Chocolate Sprinkles-Hybrid. 70 days. This cherry tomato has it all: good looks, great flavor, heavy yields, and disease resistance. Bite-sized, cherry-type fruits are beautifully colored — red striped with dark green — that explode with rich, robust flavor.  These elongated, bite-sized tomatoes have striking, forest green streaks over deep coppery-red and a delightfully sweet taste.  This highly productive plant forms its fruit in clusters, and starts bearing early in the season. Support Chocolate Sprinkles Tomato with stakes or sturdy cage at planting time. Indeterminate plants produce abundant, thick trusses of the scrumptious, crack-resistant fruit. HR: F, N, TMV.

Monday, June 26, 2017

Kaolin Clay-Crop Protectant

For the past 3 years, I have been spraying my vegetable crops with an OMRI-approved product called Surround WP. WP stands for wettable powder. This product is mixed with water and usually applied with a sprayer. As with any powder or fine particulate, try not to breathe it in and wear a mask.  

Surround is made of kaolin clay.  It is a mineral that is mined mostly in China and used in a host of products from toothpaste to porcelain. It is touted as a broad spectrum crop protectant and pesticide. When you spray it on your plants, it coats them with a white liquid that eventually dries to leave a white opaque film on your crops.  This film is supposed to act as a sunscreen to prevent sunscald in many crops. It also camouflages your plants from many types of insects and makes them unappealing to these same insects. When pests to land on your crops, they are "confused" by their environment and don't feed or lay eggs.  Reapplication may be necessary after rains and on new growth.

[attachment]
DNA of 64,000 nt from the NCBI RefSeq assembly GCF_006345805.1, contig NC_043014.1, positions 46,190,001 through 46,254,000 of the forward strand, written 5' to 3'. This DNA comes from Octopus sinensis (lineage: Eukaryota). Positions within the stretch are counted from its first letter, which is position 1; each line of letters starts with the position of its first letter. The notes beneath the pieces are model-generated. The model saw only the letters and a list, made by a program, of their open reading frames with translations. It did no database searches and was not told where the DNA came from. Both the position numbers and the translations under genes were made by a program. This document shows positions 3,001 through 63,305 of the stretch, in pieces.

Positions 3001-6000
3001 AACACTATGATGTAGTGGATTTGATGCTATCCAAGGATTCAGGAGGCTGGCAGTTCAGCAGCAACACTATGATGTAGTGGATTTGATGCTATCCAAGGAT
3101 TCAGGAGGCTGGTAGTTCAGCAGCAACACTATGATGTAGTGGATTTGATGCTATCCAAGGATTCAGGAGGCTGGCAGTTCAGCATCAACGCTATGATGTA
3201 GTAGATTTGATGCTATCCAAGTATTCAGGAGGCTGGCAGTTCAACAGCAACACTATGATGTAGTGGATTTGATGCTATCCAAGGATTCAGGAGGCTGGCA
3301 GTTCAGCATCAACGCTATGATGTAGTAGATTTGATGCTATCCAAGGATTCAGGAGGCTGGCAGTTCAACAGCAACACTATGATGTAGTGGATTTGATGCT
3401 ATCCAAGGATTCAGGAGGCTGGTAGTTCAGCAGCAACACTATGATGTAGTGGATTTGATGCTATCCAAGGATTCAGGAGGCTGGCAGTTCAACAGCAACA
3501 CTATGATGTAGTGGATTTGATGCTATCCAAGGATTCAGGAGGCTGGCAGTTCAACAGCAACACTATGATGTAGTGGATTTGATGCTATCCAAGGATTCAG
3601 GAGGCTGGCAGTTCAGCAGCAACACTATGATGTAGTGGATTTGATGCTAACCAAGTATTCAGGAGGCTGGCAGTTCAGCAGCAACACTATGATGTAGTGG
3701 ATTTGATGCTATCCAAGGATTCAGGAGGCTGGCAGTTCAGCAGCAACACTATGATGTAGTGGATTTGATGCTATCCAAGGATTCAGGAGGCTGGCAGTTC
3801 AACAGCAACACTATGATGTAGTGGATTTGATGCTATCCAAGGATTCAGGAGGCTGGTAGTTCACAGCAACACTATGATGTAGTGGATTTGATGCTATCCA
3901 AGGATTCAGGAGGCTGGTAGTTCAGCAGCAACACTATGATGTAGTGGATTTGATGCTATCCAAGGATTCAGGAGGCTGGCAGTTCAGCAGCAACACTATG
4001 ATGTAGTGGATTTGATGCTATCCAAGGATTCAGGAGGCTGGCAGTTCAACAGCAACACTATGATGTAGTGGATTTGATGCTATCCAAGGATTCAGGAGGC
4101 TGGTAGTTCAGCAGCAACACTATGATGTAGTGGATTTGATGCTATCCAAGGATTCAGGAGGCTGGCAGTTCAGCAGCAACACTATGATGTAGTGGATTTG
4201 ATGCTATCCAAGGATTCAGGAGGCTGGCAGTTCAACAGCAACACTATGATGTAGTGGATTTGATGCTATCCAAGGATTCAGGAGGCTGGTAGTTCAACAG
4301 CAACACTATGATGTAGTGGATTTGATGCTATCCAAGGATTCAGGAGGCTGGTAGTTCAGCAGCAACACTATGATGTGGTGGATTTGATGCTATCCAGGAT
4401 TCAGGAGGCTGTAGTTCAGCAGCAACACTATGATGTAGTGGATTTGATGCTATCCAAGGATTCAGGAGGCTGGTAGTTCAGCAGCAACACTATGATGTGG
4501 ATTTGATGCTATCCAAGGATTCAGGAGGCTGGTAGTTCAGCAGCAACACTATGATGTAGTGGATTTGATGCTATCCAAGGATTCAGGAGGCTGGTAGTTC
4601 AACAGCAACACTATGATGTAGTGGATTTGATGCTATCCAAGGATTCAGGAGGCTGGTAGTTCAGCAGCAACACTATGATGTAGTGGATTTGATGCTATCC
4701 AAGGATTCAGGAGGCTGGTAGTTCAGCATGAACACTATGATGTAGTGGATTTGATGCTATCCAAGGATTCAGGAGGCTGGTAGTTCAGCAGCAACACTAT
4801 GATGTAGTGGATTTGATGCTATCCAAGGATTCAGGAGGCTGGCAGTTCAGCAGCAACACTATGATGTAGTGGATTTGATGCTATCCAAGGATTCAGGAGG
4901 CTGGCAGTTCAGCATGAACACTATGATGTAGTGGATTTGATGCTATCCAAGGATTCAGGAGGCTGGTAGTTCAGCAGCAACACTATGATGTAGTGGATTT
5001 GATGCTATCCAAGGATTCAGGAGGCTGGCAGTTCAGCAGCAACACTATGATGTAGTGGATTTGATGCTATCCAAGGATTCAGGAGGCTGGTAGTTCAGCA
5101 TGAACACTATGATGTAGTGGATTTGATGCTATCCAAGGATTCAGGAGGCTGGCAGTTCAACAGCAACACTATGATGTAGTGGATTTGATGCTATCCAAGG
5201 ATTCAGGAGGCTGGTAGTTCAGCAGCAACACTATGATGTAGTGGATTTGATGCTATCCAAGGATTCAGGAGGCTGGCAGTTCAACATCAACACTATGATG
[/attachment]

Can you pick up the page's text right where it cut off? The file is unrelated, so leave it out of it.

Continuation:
Disclaimer: I do not have any connection or association to the company that makes Surround.


Sunday, May 7, 2017

How Hot is that Hot Pepper?

    Does the name Wilbur Scoville ring a bell? The only time I've heard this name is in reference to chili peppers.  After a bit of digging and research, I learned that Wilbur Scoville was a pharmacist, a research scientist, and a notable author.  He is famous for creating a scale that rates and detect the pungency of chili peppers. In Scoville’s method a specific amount of the peppers heat source, capsaicin oil, is added to increasingly larger amounts of sugar-water until a small group of tasters can’t detect the heat.  This has been a tried and true method for decades but it is subjective and after a time the tasters can become desensitized to the capsaicin.

     Currently, and since the 1980's HPLC (high performance liquid chromotography) is used to evaluates the "spiciness" of chili peppers. This process separates, isolates, identifies and measures the concentration of the heat producing components of chilies.